2. Predictive technology and workflow tools are mitigating hospitalizations. We at Oak Street are also building proprietary tools to guide their teams through evidence-based workflows that are shown to deliver better care. For example, predictive technology is being used today to identify cases at high risk of readmission, and workflow tools to ensure teams provide all the services that give patiences the best chance at avoiding that hospitalization. These services include ensuring they have a post-discharge visit scheduled with transportation to and from the center, that our pharmacist has reviewed and reconciled their new medication list, and that the in-home care team is scheduled for a visit.
  3. Video/tele-psychiatry services are early but hold promise in terms of improving access to care. Not all patients have equal access to care. We’ve built a video/tele-psychiatry service to bring board certified behavioral health to our patients and caregivers, and found dramatic reductions in hospitalization rates among our patients with behavioral health challenges. This kind of remote care won’t solve all patients’ problems, but when designed around specific patient needs and conditions, it’s a great tool with great impact.
  4. This one is very early, so we’ll see where it goes, but the emerging use of voice-controlled devices in healthcare may help patients and doctors take a more preventative approach to healthcare. Amazon recently announced it’s building skills for Alexa that will help people with diabetes management, care for mothers and infants, aging care and more. With these skills, patients would be able to take a preventative approach to health in the comfort of their own home. And if Amazon can work through regulations and data privacy requirements laid out by HIPAA, devices and apps would be able to share and upload health data with medical professionals and patients, creating a truly data-driven doctor visit. However, for voice to be successful in healthcare, developers of Amazon Alexa and other voice-controlled devices will need to focus on staying clinically relevant, being culturally competent, and reducing patients’ fears around privacy and abuse of their information.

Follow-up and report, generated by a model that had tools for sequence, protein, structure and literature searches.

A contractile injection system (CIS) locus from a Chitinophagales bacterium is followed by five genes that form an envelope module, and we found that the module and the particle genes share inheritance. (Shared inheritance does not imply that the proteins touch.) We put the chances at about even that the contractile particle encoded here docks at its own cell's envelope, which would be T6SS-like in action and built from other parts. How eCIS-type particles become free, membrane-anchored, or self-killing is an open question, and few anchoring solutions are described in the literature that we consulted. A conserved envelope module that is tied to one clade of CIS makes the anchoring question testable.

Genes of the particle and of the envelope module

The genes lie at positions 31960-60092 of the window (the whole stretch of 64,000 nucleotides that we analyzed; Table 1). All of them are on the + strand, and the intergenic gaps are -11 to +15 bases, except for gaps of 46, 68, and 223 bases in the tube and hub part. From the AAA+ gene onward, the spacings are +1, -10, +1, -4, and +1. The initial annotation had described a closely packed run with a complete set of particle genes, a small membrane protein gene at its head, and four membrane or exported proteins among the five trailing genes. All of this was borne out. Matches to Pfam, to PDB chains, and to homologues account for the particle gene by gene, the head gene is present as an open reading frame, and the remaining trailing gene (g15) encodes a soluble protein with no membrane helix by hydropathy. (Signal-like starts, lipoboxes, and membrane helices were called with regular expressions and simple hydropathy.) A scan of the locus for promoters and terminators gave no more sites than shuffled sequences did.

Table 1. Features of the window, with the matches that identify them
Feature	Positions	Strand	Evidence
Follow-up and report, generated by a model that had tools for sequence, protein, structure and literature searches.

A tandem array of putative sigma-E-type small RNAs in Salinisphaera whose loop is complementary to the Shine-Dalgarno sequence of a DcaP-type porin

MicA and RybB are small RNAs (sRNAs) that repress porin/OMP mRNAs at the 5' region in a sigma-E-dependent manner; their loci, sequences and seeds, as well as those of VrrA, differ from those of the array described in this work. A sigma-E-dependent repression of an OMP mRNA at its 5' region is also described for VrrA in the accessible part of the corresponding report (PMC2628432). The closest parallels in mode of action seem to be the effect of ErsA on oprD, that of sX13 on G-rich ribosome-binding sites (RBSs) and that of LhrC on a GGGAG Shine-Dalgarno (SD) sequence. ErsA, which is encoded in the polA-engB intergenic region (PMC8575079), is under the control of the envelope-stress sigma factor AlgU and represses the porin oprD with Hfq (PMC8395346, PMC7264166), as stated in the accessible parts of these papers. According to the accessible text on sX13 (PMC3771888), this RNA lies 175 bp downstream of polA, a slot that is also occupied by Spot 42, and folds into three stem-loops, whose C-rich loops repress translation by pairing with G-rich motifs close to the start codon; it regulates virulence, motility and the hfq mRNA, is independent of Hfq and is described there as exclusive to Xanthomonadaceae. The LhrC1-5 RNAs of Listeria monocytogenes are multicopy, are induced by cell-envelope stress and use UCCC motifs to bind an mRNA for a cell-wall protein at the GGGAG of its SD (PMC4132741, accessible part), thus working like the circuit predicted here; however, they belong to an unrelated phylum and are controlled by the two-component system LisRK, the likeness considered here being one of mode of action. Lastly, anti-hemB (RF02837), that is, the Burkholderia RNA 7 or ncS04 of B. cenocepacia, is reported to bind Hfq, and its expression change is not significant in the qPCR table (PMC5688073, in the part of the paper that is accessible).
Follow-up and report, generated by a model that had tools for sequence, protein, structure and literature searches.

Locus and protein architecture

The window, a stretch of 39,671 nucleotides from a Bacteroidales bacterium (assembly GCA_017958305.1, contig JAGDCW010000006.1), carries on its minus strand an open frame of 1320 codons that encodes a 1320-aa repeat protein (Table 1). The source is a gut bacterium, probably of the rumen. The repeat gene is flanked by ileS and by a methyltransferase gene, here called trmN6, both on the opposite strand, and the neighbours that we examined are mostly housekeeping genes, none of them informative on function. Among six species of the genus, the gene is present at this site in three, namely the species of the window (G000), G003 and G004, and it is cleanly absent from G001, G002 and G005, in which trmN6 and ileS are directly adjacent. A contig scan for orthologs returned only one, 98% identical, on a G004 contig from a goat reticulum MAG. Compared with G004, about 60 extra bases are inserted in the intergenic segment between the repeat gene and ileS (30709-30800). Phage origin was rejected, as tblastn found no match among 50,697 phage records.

5. Most importantly, technology is evolving to allow providers, executives, and policymakers to identify where and how we can improve. This sounds like a small item, but just a few years ago, we didn’t have the technology in place to identify which practices were good at caring for chronic disease, which hospitals placed patients at high risk of surgical site infections or even where the sickest patients in the country lived. Today we have many of these tools, and while data feeds and statistically robust risk-adjustment methodologies aren’t as sexy as a wearable device, they are doing a lot to improve quality and equity of healthcare in the U.S. and around the world.

Can you please give us your favorite “Life Lesson Quote”?

I’m generally not in the business of unsolicited advice, but this feels solicited. For me, it’s all about values. Know what you’re values are and always make decisions and behave in a way that is consistent with those values. For me and for our team at Oak Street, our values are around evidence-based medicine, health equity and being held accountable. Knowing that means that while I’ll still always have hard decisions to make, I know the framework for making those decisions.

Some of the biggest names in Business, VC funding, Sports, and Entertainment read this column. Is there a person in the world, or in the US whom you would love to have a private breakfast or lunch with, and why? He or she might just see this 🙂

That’s tough. My “dream breakfast” list pretty long, and I’m always working on it. For today, despite the fact that I’ve largely aged out of being a sports fan, I’d say LeBron James. I wouldn’t want to talk about sports. I’m inspired by how he entered into such a high profile role at 18 years old without any training and was able to accomplish what he has today. He’s made mistakes in front of the whole world, and he has not only owned and addressed those mistakes, but he’s thrived. Watching that has been incredible. He’s also had an important voice in so many conversations we’re having as a country. Agree with him or not, he tells you, and he’s right, he’s just a kid from Akron. But he’s clearly a natural leader who is not afraid of a challenge and isn’t bothered by criticism. Like him or not, you have to admire that.

Jilea Hemmings CEO & Co-Founder of Best Tyme. She is running a series on how technology is impacting healthcare.

Originally published at